What is lupus and what causes it? Selena Gomez talks about her battle with the disease

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Megan Murray
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Many people are still confused by lupus disease and what causes it. Selena Gomez has opened up about suffering with the condition and the need for more awareness around it. 

Selena Gomez has said that she will suffer with anxiety and depression as a result of her health issues, for the rest of her life. Gomez touched on the subject after being asked to predict what the year 2018 holds for her, in a recent Harper’s Bazaar interview.

Although optimistic that the next 12 months will be easier than the last, Gomez believes she will battle with mental health issues for the rest of her life.

“I’ve had a lot of issues with depression and anxiety, and I’ve been very vocal about it, but it’s not something I feel I’ll ever overcome,” she tells the publication.

“There won’t be a day when I’m like, ‘Here I am in a pretty dress—I won!’ I think it’s a battle I’m gonna have to face for the rest of my life, and I’m okay with that because I know that I’m choosing myself over anything else.”

Gomez also revealed that she concentrates on leading a healthy lifestyle in order to deal with health-related stress – something that will remain a big focus of hers for the coming year.

“Anyone who knows me, knows I will always start with my health and my well-being.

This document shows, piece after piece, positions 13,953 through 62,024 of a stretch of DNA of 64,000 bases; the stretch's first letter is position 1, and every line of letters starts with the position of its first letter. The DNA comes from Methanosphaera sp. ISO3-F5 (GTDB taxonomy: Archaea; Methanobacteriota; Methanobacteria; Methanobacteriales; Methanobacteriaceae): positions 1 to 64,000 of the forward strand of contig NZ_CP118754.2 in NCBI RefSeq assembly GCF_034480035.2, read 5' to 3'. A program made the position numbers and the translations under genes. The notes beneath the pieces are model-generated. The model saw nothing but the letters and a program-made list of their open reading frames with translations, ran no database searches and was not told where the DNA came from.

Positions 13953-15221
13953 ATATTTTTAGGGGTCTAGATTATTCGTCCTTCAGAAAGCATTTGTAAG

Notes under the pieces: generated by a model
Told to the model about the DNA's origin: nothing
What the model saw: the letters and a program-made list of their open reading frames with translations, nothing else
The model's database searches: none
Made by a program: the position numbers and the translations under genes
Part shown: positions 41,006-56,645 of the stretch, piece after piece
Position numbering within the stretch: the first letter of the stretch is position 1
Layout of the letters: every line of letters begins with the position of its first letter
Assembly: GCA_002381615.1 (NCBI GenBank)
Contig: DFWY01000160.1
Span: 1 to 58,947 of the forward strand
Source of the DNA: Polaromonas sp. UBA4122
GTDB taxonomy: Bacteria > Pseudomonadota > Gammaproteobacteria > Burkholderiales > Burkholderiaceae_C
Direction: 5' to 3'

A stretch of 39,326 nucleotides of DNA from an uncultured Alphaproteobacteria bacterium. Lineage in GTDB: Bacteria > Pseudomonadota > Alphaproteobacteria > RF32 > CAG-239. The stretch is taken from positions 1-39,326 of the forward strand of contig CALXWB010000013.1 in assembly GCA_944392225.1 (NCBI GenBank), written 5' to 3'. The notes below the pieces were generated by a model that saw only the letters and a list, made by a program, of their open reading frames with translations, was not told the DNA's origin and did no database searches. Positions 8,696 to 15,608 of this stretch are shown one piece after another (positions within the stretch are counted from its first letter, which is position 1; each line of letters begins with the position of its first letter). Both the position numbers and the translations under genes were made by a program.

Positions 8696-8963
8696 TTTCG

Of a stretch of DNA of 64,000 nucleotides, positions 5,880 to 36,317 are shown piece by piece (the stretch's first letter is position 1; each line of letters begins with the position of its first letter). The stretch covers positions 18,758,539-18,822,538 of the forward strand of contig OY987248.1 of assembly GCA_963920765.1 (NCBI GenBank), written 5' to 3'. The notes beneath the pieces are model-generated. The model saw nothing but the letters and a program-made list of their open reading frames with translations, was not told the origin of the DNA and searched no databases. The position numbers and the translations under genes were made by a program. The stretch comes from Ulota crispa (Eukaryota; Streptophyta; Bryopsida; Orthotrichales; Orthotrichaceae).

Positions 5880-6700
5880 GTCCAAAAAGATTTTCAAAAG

“I want to make sure I’m healthy. If that’s good, everything else will fall into place,” she adds. 

The singer’s kidneys went into failure after suffering with the disease 

Gomez went through a traumatic experience last year when her kidneys failed as a result of her battle with lupus.

Luckily, her life was saved during a secret operation in which her best friend donated one of her kidneys to the singer.

Posting an image of the pair to Instagram in September last year, Gomez explained why she had been “laying low” for the previous few months and opened up about the trauma that she’d been through.

Gomez wrote: “I’m very aware some of my fans had noticed I was laying low for part of the summer and questioning why I wasn’t promoting my new music, which I was extremely proud of.

“So, I found out I needed to get a kidney transplant due to my lupus and was recovering. It was what I needed to do for my overall health. I honestly look forward to sharing with you, soon my journey through these past several months as I have always wanted to do with you.

“Until then I want to publicly thank my family and incredible team of doctors for everything they have done for me prior to and post-surgery.”

Signing off the post with a tribute to her friend, Gomez said she felt “incredibly blessed”.

“And finally, there aren’t words to describe how I can possibly thank my beautiful friend Francia Raisa,” she added. “She gave me the ultimate gift and sacrifice by donating her kidney to me. I am incredibly blessed. I love you so much sis.”

The singer also highlighted the need for more awareness around the illness, describing it as “misunderstood”, as many people still feel confused about what lupus is, and what causes it.

To help build this awareness, we’ve answered some of the most commonly asked questions about the condition.

What is lupus disease?